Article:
Shalabi Effect: The Trial of St-Orange

Matt Cibula

Shalabi Effect

The Trial of St-Orange

Label: Alien8 Recordings

I am a fairly generous music writer, I think; I'm open to a lot of different music, and I try to accept each record on its own terms without grafting a lot of extraneous bullshit on top of it. I say that so I can say this:

Shalabi Effect's album The Trial of St-Orange really pisses me off. I don't really have anything against instrumental "post-rock" music the way some other critics do-has anyone else noticed how cool it is to hate Sigur Ros these days? -- and I have been really intrigued with how big Montreal's Godspeed You Black Emperor! and its many offshoots and sidebands like A Silver Mt. Zion are getting, all without even hardly making a vocal peep. So I was psyched to hear the new one from Shalabi Effect, another Montreal-based non-singing group. Maybe, I thought, we are in the middle of some big Quebecois movement . . . and it'll be like I'm covering it as it's happening!

Which was ridiculous on two levels. One: Godspeed You Black Emperor! and A Silver Mt. Zion are orchestral ensembles, whereas Sam Shalabi leads a four-piece band. (Other members: Anthony Seck, Will Eitzani, and Alexandre St. Onge, from whose surname the album must be named. And isn't that cute.) Secondly, GYBE! and ASMZ develop their beautifully sad melodies and their epic themes through shifting dynamics and an unfailing sense of drama, whereas Shalabi Effect . . . well, they just don't.

This record is 50 minutes of nothing. Of the seven tracks, five of them are the kind of tuneless rhythmless slogs that give tuneless rhythmless slogs a bad name, and the other three are almost worse, because they show how good these guys could be if they really tried. Let's be positive first: "Mr. Titz (The Revelator)" is, despite its immature title (because of its awesome title?), a great electro-acoustic jam with some real substance. And the next piece, "Our Last Glare", continues things with some tabla-ish percussion and some trancey guitar lines. I like these two pieces, especially right next to each other; they feel related, organic, real. (Oh yeah, the "hidden track"/coda thing at the end is cute, in a I'm-tuning-my-guitar sort of way.)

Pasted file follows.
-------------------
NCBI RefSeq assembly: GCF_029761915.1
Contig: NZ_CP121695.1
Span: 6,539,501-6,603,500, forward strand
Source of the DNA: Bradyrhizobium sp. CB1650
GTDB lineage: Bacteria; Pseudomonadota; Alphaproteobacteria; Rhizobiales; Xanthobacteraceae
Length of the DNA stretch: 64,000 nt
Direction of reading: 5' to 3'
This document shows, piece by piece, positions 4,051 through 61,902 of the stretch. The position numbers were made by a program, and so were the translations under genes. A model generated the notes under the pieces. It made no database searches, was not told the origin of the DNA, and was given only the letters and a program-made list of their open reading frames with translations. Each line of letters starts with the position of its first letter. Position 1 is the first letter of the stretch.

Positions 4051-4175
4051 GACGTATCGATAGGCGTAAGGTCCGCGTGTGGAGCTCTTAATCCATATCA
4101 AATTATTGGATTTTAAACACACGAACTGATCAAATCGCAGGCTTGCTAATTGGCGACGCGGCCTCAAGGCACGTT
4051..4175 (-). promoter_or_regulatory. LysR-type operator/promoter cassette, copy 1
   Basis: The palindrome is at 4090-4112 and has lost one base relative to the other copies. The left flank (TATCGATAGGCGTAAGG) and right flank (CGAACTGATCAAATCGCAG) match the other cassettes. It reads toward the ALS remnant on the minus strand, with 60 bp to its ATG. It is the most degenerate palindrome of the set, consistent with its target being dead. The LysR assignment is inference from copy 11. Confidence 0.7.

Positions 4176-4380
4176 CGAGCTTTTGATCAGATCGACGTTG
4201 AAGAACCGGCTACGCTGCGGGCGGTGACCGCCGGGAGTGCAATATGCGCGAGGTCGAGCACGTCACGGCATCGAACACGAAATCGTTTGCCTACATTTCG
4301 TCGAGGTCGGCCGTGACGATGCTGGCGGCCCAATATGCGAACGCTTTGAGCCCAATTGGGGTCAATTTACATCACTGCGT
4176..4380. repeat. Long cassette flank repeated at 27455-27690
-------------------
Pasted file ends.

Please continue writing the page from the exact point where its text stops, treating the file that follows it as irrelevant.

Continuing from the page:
But the rest of the damned thing is just no good for me. I don't mind if songs don't follow "traditional" outlines; I don't mind if songs take a while to reveal themselves; I don't even mind songs that mess with the listener. What I do mind are songs like "Sundog Ash" and "Saint Orange" and "Uma" that throw their lack of direction right in the listener's face. When the only point is that there is no point, things better be pretty damned compelling for me to make that leap, and these tracks don't share a single reference point with me. Hey, I listen to Acid Mothers Temple and Miles Davis' Get Up With It on a regular basis, but I hear something there that I don't hear in Shalabi Effect. These songs are only about their utter pointlessness: they are constructed randomly, meta-randomly, selfreflexively-randomly -- and there is no emotion here and no concept I can tell and no pretty sounds for me to care much about.

I also have a hard time getting behind the 17-minute closer "A Glow in the Dark", which fails to show any signs of life AT ALL -- just industrial noises, a minor pulse, and some creepy (and massively condescending) human and pig noises -- I couldn't make this stuff up, people. I had a couple of flashes of hope here, especially around the 13-minute mark when the guitar riff seemed to want to come in and we hear a repeat of those tables . . . but 'twas all in vain, as that section is done three minutes later. It's arch, it's "clever", it's boring as all hell, and I'm not listening to it again.

Worst moment: "Sister Sleep". The lead instrument on this track is -- okay, I don't know what it is, but it sounds like a manatee dying slowly. No: it sounds like a circular saw. No, I've figured it out: it's the noise you make in a fast-food restaurant by moving your straw up and down to rub it against the plastic lid. You know that noise, I know that noise, we all do -- and it's unpleasant at any speed. My dad did that noise to embarrass us in Burgerville USA when I was a kid, and now I have to listen to this shit? Forget about it.

I really am a nice and even-handed critic, but there are some things that just don't wash with me. One of those things, apparently, is when obviously talented musicians have this much contempt for their listeners. Yeah, I'm probably uncool for expecting my experimental music to have a thesis to prove or disprove. I'll have to live with that. But there's no reason you have to live with this record.